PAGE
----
services 11.6.06

Where to Put Them: Special Amenities Edition

In this edition of where to stash friend and relatives who turn up in increasing numbers between now and the end of the year, we look at some of our favorite rooms and amenities around town — for the most part here, we're working on a money-is-no-object basis.
· For Hotels Under $200, click here.
· For NYC Inns, B & Bs, and Guest Houses, click here.
· For The Best and Worst Hotels in NY, click here.

Dream Dog at The Benjamin is designed to make dogs feel especially welcome: various doggie beds are available, a doggie bathrobe, toys and treats, room service for your pooch (they serve Scooter Food brand), and a DVD for entertainment. We're not making up a word of this.

What's not to love about the Spa Suite at Inn New York City? Chestnut armoires, wood shutters, kitchen, sauna, and a Jacuzzi make for a luxe pad in this lovely, small, low-profile place on the Upper West Side.

This one's not available in the winter months, but the roof terrace at the Thompson, called Above 60, is otherwise open only to hotel guests and members. The views of downtown definitely qualify as a special amenity.

The Garden Suite at the Lowell is irresistible: there are two terraces, with a flower garden, an outdoor dining area, and a water fountain. Inside, a wood-burning fireplace and artwork by Fleur Cowles, who created the cult-favorite Flair magazine in the early 50s.

It's tennis all year round at the UN Millennium Plaza thanks to the indoor tennis court up on the 39th floor.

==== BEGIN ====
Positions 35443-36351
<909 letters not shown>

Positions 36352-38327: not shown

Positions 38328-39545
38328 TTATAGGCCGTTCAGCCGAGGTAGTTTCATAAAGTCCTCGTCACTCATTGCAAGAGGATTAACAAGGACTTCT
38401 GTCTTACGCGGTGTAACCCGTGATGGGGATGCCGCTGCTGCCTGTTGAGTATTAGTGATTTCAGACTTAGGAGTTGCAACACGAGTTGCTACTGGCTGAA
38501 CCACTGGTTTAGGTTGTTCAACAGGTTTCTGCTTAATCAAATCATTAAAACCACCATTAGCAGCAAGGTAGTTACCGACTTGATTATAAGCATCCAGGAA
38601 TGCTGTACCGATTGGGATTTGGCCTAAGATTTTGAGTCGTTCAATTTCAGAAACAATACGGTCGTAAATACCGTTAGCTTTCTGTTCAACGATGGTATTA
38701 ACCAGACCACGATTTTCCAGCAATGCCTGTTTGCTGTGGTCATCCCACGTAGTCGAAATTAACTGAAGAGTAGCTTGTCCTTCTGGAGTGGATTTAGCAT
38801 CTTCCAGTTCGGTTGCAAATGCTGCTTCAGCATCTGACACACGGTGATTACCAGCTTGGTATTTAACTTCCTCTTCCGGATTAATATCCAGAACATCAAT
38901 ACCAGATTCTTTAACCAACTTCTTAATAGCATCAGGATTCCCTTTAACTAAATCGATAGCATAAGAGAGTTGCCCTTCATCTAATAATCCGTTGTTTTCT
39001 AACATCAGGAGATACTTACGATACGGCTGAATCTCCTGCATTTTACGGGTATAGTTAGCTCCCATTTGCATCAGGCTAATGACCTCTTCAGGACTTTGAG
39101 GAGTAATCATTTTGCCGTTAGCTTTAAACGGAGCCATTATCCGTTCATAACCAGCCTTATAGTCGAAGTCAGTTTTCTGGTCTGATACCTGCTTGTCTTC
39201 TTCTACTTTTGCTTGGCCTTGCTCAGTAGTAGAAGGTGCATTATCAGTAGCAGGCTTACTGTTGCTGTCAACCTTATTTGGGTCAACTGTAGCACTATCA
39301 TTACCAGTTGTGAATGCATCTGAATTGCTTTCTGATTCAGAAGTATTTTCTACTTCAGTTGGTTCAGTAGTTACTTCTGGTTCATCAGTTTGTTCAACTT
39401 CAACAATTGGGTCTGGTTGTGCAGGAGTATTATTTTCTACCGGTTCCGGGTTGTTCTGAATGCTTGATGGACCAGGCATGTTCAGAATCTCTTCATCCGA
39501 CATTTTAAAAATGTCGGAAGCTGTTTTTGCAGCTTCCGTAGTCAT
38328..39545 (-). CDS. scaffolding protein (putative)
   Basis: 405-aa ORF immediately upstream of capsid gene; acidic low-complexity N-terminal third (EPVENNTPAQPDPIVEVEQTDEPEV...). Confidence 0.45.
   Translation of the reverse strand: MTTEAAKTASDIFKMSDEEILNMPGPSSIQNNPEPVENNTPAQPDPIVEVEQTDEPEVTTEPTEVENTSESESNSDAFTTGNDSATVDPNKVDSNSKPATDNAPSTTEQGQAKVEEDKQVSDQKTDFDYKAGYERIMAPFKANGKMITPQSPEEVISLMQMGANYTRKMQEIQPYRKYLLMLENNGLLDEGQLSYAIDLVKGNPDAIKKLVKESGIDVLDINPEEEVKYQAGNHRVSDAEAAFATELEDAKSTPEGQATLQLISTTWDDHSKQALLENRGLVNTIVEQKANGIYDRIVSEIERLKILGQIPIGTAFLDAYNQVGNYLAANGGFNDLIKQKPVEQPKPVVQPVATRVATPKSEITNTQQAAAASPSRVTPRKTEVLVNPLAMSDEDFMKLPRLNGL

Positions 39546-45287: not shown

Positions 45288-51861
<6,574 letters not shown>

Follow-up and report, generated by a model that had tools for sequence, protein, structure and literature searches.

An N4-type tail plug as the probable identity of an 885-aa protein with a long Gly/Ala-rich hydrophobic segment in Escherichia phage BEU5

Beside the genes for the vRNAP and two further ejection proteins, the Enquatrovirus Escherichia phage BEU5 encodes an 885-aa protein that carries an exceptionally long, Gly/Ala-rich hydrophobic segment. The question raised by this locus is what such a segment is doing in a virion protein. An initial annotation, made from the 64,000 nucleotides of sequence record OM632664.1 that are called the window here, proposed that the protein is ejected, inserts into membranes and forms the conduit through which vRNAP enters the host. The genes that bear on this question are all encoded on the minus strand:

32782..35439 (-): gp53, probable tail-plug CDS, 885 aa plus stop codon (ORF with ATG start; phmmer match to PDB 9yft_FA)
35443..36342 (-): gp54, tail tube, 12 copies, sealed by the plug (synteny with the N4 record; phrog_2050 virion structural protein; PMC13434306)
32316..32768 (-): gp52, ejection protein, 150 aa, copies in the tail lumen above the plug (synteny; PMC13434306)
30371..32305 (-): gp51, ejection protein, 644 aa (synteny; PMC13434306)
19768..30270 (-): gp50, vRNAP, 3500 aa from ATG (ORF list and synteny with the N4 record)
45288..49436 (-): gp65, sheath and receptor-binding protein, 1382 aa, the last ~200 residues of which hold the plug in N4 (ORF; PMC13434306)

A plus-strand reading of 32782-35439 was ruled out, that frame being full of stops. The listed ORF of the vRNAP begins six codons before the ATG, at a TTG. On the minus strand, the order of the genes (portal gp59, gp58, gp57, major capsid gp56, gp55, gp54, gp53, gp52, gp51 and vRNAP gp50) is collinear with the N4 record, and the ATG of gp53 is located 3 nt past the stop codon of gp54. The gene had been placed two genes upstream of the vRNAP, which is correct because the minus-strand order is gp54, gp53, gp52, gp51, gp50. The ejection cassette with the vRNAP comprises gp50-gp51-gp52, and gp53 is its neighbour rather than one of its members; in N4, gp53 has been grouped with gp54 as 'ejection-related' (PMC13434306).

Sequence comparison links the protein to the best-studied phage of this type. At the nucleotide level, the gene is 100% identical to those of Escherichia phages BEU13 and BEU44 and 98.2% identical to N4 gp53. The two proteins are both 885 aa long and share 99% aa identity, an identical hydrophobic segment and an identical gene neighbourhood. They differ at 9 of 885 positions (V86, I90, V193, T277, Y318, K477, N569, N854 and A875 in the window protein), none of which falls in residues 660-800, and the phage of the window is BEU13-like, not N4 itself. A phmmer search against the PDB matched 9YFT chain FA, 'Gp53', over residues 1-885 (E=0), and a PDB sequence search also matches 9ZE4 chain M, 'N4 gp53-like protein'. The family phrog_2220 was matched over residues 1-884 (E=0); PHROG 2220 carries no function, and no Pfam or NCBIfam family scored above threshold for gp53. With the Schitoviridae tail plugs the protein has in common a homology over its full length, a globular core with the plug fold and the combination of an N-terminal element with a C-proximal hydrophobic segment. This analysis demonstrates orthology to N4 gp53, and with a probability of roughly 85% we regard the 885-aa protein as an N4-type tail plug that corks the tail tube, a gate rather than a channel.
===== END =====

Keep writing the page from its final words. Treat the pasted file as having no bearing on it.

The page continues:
Sure, the lobby swimming pool is a gimmick, but we love the idea of a swim-up bar in the middle of Times Square, thoughtfully provided by the Hotel QT, plus the sauna and steam room overlooking the pool.

Truffled mashed potatoes and other vittles from Joël Robuchon give the Four Seasons new bragging rights.

Speaking of bragging rights, if Lerner and Loewe had written "My Fair Lady" in your hotel, you'd probably have an Eliza Doolittle breakfast room and an 'enry 'iggins bar with a Rain-in-Spain-tini. So 'ats off, guv, to the Algonquin for resisting temptation. But pop culture mavens will like the hotel's themed suites (Dorothy Parker, James Thurber, and Al Hirschfeld) and most everyone loves the hotel cat (there have been a number of them) who is always named Hamlet, except when it's named Matilda.

Mel Marvin, at the piano of the Hotel Elysee's Monkey Bar before its renovation a decade or so ago, used to crack jokes about the hotel, referring to it as the Hotel Easylay. No more jokes, no more Mel. The place swankified itself and is now one of the city's nicer boutique properties. Even though Mel's not around, you can tickle your own ivories in the Piano Suite, with its baby grand, non-working fireplace, and terrace off the bedroom.

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